215

6.27

Effect of H2O2 dosage on the UV-vis spectra of: (a) MO, (b) RR120 and (c) RR19 after 60 min UV/H2O2

218

6.28

Effect of H2O2 dosage on the decolourization of: (a) MO, (b) RR120, and (c) RB19 after 60 min UV/H2O2

220

6.29

Effect of H2O2 dosage on the COD removal of: (a) MO, (b) RR120 and (c) RB19 after UV/H2O2

6.30

Comparison of corrected COD removal with different H2O2 dosage after 60 min UV/H2O2

222

ite

is

223 225

6.32

Effect of initial dye concentration on the UV-vis spectra of: (a) 100, (b) 300 and (c) 500 mg/L RR120 during UV/H2O2

227

6.33

Effect of initial dye concentration on the UV-vis spectra of: (a) 100, (b) 300 and (c) 500 mg/L RB19 during UV/H2O2

228

6.34

Effect of initial dye concentration on the colour removal of: (a) MO, (b) RR120, and (c) RB19 during UV/H2O2

230

6.35

Effect of initial dye concentration on the COD removal of: (a) MO, (b) RR120 and (c) RB19 during UV/H2O2

231

7.1

Comparison of dye decolourization kinetics with ozonation

234

7.2

Comparison of dye decolourization kinetics with O3/H2O2

234

7.3

Comparison of dye decolourization kinetics with UV/H2O2

234

Th

Effect of initial dye concentration on the UV-vis spectra of: (a) 100, (b) 300 and (c) 500 mg/L MO during UV/H2O2

©

6.31

m

is

pr

ot

ec

te

d

by

or igi

na

lc op

yr

igh

t

6.19

xvii

Comparison of UV-vis spectra for batik wastewater after ozonation, O3/H2O2 and UV/H2O2

239

8.2

Comparison of discoloration profile for batik wastewater under ozonation, O3/H2O2 and UV/H2O2

240

8.3

Comparison of COD removal for batik wastewater under ozonation, O3/H2O2 and UV/H2O2

241

8.4

Comparison of TOC removal for batik wastewater under ozonation, O3/H2O2 and UV/H2O2

242

8.5

MLSS concentration during ozonation-CMAS of batik wastewater

244

8.6

UV-vis spectra of CMAS treatment for batik wastewater without ozonation

245

8.7

UV-vis spectra of batik wastewater CMAS treatment at different ozonation contact time of (a) 15 min, (b) 30 min, (c) 45 min and (d) 60 min

246

8.8

Comparison of UV-vis spectra of batik wastewater with ozonation and without ozonation

247

8.9

Comparison of decolourization patterns of batik wastewater with ozonation and without ozonation

248

8.10

Comparison of COD removal of batik wastewater with ozonation and without ozonation

249

8.11

TOC concentration of (a) ozonation and (b) ozonation-CMAS treatment of batik wastewater

8.12

Comparison of COD and TOC removal between ozonation-CMAS treatment batik wastewater

©

Th

is

ite

m

is

pr

ot

ec

te

d

by

or igi

na

lc op

yr

igh

t

8.1

xviii

250 251

LIST OF TABLES NO.

PAGE Global market shares of different dye classification

15

2.2

Example classification of common dyes based on the chemical structure

17

2.3

Typical characteristics of textile wastewater

25

2.4

Conventional methods for removal of dye-containing wastewater

26

2.5

Comparison of oxidation potential of various oxidants

37

2.6

Non-photochemical and photochemical methods of AOPs

38

3.1

Properties and characteristics of the studied reactive dyes

59

3.2

Physical parameters of the studied batik wastewater

61

3.3

List of chemicals and reagents

7.1

Comparison of reaction rate and half-life decolourization of the synthesized dye-containing wastewater

©

Th

is

ite

m

is

pr

ot

ec

te

d

by

or igi

na

lc op

yr

igh

t

2.1

xii

62 235

TABLE OF CONTENTS PAGE ii

DEDICATION

iii

ACKNOWLEDGEMENT

iv

TABLE OF CONTENTS

vi

LIST OF TABLES

xii

igh

t

DECLARATION

yr

LIST OF FIGURES

lc op

LIST OF ABREVIATION

na

LIST OF SYMBOLS

or igi

ABSTRAK

xxii xxiv xxv

d

INTRODUCTION

Environmental Pollutions

1

1.2

Industrial Wastewater Pollutions

2

1.3

Dyes Treatment Methods

7

1.4

Problem Statements

is

8

1.5

Research Objectives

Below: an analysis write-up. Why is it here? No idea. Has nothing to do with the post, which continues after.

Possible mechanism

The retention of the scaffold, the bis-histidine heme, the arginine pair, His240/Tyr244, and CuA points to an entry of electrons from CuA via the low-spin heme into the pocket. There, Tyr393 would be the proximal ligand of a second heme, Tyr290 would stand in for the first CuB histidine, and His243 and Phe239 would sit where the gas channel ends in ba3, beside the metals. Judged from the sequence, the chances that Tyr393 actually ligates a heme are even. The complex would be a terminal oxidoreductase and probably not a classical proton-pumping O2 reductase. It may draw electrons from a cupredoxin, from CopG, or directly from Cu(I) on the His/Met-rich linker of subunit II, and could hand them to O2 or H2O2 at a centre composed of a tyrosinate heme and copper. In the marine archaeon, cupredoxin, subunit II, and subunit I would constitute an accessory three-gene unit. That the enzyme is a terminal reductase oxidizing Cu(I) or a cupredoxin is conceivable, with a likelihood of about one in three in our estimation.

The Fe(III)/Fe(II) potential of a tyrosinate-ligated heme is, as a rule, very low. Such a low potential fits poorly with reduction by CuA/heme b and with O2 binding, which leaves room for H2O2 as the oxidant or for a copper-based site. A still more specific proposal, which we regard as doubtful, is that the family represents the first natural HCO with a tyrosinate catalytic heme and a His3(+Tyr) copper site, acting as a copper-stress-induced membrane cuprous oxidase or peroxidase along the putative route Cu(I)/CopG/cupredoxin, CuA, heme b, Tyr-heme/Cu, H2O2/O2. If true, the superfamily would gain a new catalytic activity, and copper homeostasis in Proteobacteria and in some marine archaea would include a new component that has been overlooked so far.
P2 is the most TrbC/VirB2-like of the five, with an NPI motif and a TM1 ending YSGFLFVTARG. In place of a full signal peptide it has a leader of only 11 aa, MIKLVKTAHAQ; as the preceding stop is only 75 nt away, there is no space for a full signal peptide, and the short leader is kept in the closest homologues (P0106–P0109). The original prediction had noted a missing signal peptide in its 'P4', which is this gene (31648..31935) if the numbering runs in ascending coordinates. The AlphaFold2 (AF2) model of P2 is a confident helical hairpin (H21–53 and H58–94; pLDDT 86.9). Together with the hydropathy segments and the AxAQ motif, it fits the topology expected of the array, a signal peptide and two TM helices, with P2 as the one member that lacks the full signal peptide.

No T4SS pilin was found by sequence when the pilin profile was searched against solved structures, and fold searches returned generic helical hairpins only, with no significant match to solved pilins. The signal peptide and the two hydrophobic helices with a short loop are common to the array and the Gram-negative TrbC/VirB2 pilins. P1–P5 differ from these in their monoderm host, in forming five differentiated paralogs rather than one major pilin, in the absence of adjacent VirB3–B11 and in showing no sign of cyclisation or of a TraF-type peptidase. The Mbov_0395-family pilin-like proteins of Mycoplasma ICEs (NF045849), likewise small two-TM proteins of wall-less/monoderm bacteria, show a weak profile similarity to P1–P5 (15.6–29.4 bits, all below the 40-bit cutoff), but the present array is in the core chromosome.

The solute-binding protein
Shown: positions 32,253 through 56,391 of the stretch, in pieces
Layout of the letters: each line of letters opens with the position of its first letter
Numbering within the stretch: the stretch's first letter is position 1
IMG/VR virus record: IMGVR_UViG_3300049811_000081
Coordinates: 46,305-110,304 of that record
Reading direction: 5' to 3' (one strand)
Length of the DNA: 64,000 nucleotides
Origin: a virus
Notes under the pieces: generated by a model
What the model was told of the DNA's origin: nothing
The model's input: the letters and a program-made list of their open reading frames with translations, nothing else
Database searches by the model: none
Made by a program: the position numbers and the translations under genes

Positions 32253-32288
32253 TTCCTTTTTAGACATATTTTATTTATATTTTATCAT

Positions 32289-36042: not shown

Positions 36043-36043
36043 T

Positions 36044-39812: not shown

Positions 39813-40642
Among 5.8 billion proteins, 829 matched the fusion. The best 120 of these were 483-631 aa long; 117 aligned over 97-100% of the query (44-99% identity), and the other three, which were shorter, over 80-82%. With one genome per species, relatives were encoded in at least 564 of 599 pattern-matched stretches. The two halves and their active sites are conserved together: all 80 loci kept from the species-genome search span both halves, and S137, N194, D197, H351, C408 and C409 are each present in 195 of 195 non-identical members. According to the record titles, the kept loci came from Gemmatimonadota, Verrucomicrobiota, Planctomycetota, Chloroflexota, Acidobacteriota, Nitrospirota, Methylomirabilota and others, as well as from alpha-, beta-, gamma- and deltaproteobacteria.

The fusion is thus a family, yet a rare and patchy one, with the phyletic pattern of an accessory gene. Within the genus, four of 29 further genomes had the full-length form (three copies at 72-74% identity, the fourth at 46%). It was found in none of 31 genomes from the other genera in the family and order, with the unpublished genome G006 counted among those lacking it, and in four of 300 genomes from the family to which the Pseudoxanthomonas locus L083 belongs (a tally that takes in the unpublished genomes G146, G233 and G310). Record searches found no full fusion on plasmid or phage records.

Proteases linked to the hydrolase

11

1.6

Research Scope

12

Thesis Outline

13

ot

pr

ite

is

©

Th

1.7

ec

1.1

m

te

CHAPTER 1

xix

by

ABSTRACT

xiii

CHAPTER 2

LITERATURE REVIEW

2.1

Introduction

14

2.2

Dye Classification

16

2.2.1

18

2.2.2

Azo Dyes 2.2.1.1

Acid Orange 52 / Methyl Orange (MO)

18

2.2.1.2

Reactive Red 120 (RR120)

19

Anthraquinone Dyes

20

2.2.2.1

21

Reactive Blue 19 (RB19)

2.3

Dye Structure

22

2.4

Dye, and the Environmental Concern

23 vi

25

2.5.1

Biological Treatment

28

2.5.1.1

Anaerobic Process

30

2.5.1.2

Aerobic Process

30

2.5.2

Physical Treatment

32

2.5.3

Chemical Treatment

33

2.6.1.2

Advantages and Disadvantages

42

2.6.1.3

Application to Dye-containing Wastewater

43

lc op

yr

Fundamental

or igi

O3/H2O2

2.6.3

2.6.2.2

Advantages and Disadvantages

46

2.6.2.3

Application to Dye-containing Wastewater

47

by

45

UV/H2O2

48

Fundamental

48

Advantages and Disadvantages

49

Application to Dye-containing Wastewater

50

ot

pr

is m

2.6.3.3

52

2.7.1

Fundamental

53

2.7.2

Advantages and Disadvantages

54

2.7.3

Application to Dye-containing Wastewater

54

is

ite

Combination of Ozonation and Biological Treatment

Th ©

45

Fundamental

2.6.3.2

2.8

40

2.6.2.1

2.6.3.1

2.7

39

2.6.1.1

d

2.6.2

igh

Ozonation

na

2.6.1

35

t

Advanced Oxidation Processes (AOPs)

te

2.6

Dye Removal Method

ec

2.5

Treatment of Batik Wastewater

CHAPTER 3

56

MATERIALS AND METHODOLOGY

3.1

Introduction

58

3.2

Materials

58

3.3

3.2.1

Dyes

58

3.2.2

Batik Wastewater

60

3.2.3

Chemicals and Reagents

61

Synthetic Dye-containing Wastewater Preparation

vii

62

Reactor and Experimental Procedures

63

3.4.1

Ozonation

64

3.4.1.1

Reactor Set-up

64

3.4.1.2

Experimental Procedure

65

O3/H2O2 Reactor Set-up

67

3.4.2.2

Experimental Procedure

68

Reactor Set-up

3.4.3.2

Experimental Procedure

lc op

yr

3.4.3.1

69 69 71 72

3.4.4.1

Complete-mix Activated Sludge (CMAS) Reactor Setup

72

3.4.4.2

Experimental Procedure

74

or igi

na

Combination of Ozonation and Biological Treatment

Analytical Procedure

76

3.5.2

ec

te

UV-vis Spectrophotometer

76

Ozone (O3) Flow Rate

77

3.5.3

H2O2 Residual

78

3.5.4

Chemical Oxygen Demand (COD)

80

is

ite

m

is

pr

ot

3.5.1

3.5.4.1

Measured COD

80

3.5.4.2

Corrected COD

81

3.5.5

Total Organic Carbon (TOC)

83

3.5.6

Fourier Transform-Infrared (FT-IR) Spectroscopy

84

3.5.7

Ion Chromatography (IC)

85

3.5.8

Mixed Liquor Suspended Solids (MLSS)

86

Th © 3.6

igh

UV/H2O2

3.4.4

3.5

3.4.2.1

by

3.4.3

67

t

3.4.2

d

3.4

Decolourization Kinetics

CHAPTER 4

87

PERFORMANCE EVALUATION ON THE COLOUR, COD, TOC AND CONTAMINANTS CHARACTERIZATION

4.1

Introduction

90

4.2

Ozonation

92

4.2.1

UV-vis Absorption Spectra

92

4.2.2

Colour Removal

94 viii

Suggest Documents